Genome Stability, Genetic Diseases and Cancer (C7129)

15 credits, Level 6

Spring teaching

The design of new therapies for cancer depends on first understanding the molecular events that cause the disease. Genomic DNA is damaged spontaneously, by chemical carcinogens and by radiation. If unrepaired, this damage leads to mutations, cancer and other developmental disorders. All cells have evolved a sophisticated array of repair and response mechanisms to deal with DNA damage.

In this module, you aim to understand the molecular mechanisms that control DNA repair and appreciate how defects in genes involved in these repair processes are associated with different, in many cases cancer-prone, genetic disorders.

You will review and critically evaluate recently published experimental evidence, as advances in this area rely on a combination of biochemical analysis, genetic approaches and bioinformatics.


88%: Lecture
12%: Seminar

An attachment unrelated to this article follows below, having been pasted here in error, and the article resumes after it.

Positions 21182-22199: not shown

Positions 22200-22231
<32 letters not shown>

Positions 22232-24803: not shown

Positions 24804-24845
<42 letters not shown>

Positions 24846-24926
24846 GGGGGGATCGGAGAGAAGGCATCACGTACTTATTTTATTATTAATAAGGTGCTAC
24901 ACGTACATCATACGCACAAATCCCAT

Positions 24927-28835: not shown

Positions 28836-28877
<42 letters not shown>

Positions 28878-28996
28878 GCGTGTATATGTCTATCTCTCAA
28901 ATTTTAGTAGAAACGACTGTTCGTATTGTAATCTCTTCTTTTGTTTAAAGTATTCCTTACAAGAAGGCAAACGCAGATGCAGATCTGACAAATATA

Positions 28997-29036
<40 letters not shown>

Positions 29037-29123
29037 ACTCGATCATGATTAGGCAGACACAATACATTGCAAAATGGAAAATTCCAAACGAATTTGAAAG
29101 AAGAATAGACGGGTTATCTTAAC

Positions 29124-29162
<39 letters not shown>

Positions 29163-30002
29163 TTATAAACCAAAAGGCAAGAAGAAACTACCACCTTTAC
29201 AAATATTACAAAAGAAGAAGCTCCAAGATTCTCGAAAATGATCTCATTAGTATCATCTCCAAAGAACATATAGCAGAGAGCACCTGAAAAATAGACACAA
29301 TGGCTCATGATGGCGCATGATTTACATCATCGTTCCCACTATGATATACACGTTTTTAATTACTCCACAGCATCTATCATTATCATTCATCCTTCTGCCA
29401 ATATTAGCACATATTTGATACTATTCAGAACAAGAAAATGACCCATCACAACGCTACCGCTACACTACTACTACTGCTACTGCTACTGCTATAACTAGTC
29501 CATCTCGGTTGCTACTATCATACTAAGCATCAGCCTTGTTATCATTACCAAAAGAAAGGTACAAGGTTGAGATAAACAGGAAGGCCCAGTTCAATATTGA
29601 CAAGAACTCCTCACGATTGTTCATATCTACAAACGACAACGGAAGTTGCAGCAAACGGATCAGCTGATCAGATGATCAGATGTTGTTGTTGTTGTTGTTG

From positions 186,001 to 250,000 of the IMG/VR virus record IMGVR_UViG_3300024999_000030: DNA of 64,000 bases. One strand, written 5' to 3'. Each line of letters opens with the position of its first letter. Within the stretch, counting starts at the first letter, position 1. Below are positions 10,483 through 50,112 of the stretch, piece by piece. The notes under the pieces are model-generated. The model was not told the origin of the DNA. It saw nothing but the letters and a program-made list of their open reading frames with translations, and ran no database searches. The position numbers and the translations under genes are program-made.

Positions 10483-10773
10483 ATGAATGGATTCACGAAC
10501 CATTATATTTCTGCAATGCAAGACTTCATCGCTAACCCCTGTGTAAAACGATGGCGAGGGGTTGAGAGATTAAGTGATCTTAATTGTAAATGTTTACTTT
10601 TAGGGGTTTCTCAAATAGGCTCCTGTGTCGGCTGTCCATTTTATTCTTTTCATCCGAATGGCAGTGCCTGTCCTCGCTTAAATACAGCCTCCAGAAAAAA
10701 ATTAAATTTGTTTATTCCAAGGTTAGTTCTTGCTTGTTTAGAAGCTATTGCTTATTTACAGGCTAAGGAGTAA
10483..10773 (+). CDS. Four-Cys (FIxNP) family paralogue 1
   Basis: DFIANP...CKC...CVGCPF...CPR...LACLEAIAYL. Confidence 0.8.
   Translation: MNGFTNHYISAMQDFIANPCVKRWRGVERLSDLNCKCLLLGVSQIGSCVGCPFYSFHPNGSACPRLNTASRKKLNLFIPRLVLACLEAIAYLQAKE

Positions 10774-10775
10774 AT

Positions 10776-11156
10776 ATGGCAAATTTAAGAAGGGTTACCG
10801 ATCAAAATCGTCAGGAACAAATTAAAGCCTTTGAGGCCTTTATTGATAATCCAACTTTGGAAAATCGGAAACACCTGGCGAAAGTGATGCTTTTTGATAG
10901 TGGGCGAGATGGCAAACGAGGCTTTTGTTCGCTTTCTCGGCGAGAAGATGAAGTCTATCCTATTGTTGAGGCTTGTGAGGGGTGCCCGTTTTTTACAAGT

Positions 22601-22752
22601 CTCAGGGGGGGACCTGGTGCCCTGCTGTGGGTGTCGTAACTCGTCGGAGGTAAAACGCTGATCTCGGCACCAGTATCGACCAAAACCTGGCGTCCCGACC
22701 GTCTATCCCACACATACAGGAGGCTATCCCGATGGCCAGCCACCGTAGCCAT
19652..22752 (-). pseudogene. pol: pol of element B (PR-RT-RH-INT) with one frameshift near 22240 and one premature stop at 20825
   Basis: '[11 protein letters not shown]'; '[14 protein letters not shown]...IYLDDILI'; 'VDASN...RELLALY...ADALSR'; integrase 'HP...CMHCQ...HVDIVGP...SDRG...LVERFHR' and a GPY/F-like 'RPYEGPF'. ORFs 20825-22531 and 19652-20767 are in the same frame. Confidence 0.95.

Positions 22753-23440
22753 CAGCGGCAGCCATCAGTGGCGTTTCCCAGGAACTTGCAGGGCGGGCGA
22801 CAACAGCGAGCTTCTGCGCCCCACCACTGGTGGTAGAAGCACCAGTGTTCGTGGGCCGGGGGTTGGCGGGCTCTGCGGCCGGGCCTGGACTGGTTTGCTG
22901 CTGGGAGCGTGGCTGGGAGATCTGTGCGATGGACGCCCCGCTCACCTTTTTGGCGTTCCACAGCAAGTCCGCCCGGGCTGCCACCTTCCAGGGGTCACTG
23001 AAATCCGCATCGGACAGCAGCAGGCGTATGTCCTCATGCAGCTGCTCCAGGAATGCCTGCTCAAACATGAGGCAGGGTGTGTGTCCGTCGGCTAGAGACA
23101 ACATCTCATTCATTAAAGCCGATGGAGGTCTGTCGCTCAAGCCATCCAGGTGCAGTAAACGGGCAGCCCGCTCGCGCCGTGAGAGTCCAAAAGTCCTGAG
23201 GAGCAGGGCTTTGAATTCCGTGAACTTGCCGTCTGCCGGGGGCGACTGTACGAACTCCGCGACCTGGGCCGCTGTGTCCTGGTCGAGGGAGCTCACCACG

30%: Coursework (Test)
70%: Examination (Computer-based examination)

Contact hours and workload

This module is approximately 150 hours of work. This breaks down into about 25 hours of contact time and about 125 hours of independent study. The University may make minor variations to the contact hours for operational reasons, including timetabling requirements.

We regularly review our modules to incorporate student feedback, staff expertise, as well as the latest research and teaching methodology. We’re planning to run these modules in the academic year 2024/25. However, there may be changes to these modules in response to feedback, staff availability, student demand or updates to our curriculum. We’ll make sure to let you know of any material changes to modules at the earliest opportunity.